January 7-8 -- Trial lawyer's purchase of Alabama governor's house said to be "arm's-length".  "Wray Pearce, the Birmingham accountant who bought Gov. Don Siegelman's Montgomery home for twice its appraised value, was acting as an intermediary for trial lawyer Lanny Vines, who subsequently bought the house from Pearce, according to court records filed last month in a lawsuit involving the two men. ... The governor and his representatives have described the house sale as an arm's-length transaction, with the governor and his wife placing the property on the market, and a buyer coming along and paying the asking price. ... None of the records in the court file specifically state why Vines used his longtime accountant as an apparent straw buyer for the home. Nor do they explain why Vines was willing to pay a sum that a county appraisal and a Register review showed was about twice the home's value."  Vines is considered one of the most politically influential plaintiff's lawyers in Alabama.  (Eddie Curran, "Papers show trial lawyer paid accountant for Siegelman house", Mobile Register, Nov. 11). Also catch the editor's note at the end of the article: "The governor's office has a stated policy of refusing to comment to Register Reporter Eddie Curran." (DURABLE LINK)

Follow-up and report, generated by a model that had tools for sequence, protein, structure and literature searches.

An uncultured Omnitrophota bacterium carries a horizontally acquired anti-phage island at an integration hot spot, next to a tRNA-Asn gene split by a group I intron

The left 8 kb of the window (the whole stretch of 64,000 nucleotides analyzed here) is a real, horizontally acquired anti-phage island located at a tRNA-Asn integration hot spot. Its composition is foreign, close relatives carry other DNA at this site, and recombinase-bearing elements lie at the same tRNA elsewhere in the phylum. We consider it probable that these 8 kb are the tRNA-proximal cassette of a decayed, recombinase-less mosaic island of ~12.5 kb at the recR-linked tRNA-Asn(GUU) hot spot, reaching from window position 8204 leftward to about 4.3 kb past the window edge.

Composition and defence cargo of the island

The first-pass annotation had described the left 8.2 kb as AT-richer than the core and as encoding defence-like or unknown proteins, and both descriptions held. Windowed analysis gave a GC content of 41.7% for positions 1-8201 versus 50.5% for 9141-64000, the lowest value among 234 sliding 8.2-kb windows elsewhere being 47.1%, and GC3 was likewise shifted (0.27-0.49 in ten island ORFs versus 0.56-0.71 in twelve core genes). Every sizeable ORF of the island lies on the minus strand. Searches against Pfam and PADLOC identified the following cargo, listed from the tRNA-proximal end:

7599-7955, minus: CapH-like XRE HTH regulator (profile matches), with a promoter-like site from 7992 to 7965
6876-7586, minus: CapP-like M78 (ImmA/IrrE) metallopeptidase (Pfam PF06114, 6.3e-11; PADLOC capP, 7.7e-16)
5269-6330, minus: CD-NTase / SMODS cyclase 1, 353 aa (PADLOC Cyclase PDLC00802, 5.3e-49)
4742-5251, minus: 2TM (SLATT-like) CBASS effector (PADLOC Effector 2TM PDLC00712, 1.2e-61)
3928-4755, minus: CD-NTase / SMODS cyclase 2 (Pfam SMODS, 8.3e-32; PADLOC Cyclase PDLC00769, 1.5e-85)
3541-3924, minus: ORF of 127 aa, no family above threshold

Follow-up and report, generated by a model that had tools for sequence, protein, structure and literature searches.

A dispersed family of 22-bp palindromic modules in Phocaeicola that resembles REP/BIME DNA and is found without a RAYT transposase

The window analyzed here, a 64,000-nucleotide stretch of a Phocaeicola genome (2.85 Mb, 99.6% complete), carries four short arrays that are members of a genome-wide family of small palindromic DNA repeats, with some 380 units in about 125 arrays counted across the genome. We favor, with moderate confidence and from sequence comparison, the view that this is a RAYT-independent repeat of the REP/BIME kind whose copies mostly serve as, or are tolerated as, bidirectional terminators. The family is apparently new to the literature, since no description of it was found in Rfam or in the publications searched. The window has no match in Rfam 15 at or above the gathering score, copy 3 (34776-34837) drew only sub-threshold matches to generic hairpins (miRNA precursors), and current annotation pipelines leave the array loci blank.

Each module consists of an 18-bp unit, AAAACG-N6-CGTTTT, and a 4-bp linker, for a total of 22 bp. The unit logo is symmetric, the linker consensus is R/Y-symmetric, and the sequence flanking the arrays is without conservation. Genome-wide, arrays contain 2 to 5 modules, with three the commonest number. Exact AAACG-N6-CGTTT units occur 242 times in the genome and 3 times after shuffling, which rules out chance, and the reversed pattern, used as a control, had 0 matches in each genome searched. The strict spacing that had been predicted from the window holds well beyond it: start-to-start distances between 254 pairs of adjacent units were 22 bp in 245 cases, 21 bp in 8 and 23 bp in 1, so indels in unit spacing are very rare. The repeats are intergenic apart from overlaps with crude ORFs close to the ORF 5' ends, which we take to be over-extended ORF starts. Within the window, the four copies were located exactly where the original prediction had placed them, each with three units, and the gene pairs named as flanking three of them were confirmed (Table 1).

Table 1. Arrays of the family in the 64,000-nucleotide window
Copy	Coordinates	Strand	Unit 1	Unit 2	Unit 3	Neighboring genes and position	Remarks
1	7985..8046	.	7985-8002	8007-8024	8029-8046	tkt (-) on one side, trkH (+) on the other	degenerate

January 7-8 -- "The Politics of Family Destruction".  Scorching indictment of the divorce industry by Howard University professor and fathers' rights advocate Stephen Baskerville (Crisis, Nov.).  And civil liberties advocates are uneasy about a developing trend in which courts in Ohio and Wisconsin have ordered men behind in their child support payments not to father any more children.  (Dee McAree, "Deadbeat Dads Told to Stop Having Kids", National Law Journal, Sept. 26; see Nov. 28, 2001). (DURABLE LINK)

January 3-6 -- "Courting stupidity: why smart lawyers pick dumb jurors".   If you'd like an advance peek at our editor's forthcoming bookThe Rule of Lawyers, this is your chance: the chapter on jury excesses is excerpted in January's Reason. (DURABLE LINK)